Frenze Beck is a 30 acre county wildlife site on the outskirts of Diss in Norfolk. The name comes from the adjacent tributary which is an important part of the River Waveney catchment system.
The site was created by South Norfolk Council in 2003 from an area of marginal flood-prone land as part of a European Transnational Ecological Network (TEN) project. This provided a range of wetland, meadow, pasture and scrub habitats. Two reed beds were excavated along with integral ponds and ditches. The riverbank was also lowered to allow the river to ‘overtop’ into the reed beds and reduce pressure on the River Waveney at periods of peak flow.
After a period of neglect, much of the wetland was overgrown with willow scrub and the pathways fell into disrepair. Since 2016 our volunteers have turned the site back into a haven for wildlife and visitors. Working closely with South Norfolk Council and the Norfolk Wildlife Trust, we are following a 10 year restoration plan drawn up by a local ecologist.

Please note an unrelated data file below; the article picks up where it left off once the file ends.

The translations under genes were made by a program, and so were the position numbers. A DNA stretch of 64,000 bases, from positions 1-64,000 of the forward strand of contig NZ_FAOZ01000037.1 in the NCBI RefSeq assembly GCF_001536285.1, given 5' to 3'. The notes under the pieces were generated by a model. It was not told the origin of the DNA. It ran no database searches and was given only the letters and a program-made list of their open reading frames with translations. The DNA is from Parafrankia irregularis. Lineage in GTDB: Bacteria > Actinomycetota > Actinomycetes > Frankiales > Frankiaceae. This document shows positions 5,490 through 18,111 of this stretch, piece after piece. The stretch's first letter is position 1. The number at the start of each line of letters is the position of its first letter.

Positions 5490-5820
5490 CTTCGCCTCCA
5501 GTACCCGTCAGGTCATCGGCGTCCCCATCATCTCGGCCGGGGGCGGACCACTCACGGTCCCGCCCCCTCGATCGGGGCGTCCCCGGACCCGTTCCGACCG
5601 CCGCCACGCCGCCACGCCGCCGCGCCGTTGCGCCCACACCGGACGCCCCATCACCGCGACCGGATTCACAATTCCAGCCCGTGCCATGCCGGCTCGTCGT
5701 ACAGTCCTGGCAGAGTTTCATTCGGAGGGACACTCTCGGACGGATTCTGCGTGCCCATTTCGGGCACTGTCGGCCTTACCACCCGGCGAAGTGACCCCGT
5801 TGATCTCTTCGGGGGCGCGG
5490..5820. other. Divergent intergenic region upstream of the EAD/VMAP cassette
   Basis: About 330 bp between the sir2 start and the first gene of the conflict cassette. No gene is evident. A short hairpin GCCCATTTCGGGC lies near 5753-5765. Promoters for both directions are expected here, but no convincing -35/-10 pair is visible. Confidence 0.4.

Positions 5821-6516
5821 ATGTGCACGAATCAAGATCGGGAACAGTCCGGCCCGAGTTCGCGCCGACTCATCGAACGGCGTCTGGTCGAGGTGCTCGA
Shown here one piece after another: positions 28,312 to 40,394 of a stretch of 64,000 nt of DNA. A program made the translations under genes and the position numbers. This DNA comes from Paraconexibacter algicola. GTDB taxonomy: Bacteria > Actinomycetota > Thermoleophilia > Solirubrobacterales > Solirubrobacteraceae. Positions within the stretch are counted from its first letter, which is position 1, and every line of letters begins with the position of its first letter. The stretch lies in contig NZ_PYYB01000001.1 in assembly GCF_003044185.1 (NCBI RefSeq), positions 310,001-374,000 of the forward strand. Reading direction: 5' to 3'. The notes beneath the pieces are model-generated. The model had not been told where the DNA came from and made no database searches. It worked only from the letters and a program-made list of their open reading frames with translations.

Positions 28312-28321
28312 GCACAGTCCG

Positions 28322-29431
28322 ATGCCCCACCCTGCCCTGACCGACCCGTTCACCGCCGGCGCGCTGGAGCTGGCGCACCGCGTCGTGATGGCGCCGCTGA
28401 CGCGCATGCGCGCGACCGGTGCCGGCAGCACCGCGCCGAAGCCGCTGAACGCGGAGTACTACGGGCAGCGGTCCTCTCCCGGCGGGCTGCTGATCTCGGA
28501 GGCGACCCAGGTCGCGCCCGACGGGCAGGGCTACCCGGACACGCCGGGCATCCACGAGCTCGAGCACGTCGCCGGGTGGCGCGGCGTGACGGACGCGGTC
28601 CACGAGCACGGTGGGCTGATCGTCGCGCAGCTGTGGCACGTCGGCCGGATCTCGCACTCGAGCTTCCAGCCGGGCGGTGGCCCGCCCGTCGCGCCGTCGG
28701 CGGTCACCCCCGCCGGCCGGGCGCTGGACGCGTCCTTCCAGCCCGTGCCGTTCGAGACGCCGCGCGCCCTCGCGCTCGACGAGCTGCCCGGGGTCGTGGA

Visiting Frenze Beck
The nature reserve is open to the public every day. The main entrance is on the east side of Sawmills Road, opposite the Animal Feed Warehouse (IP22 4GG).
Car parking is available in front of the barrier to the main entrance. There is also a pedestrian entrance on Sandy Lane with nearby lay-by parking.
We carry out a variety of conservation and management jobs on site every Monday morning from 09.30 to 13:00.
Activities include keeping the river clear of debris, maintaining footpaths, managing reed beds, trimming vegetation, building habitats and picking up litter. Recording plants and animals observed on the nature reserve is another important activity.
Volunteers from Scole Nature Trails Trust also help us to manage this site.
New volunteers are always very welcome.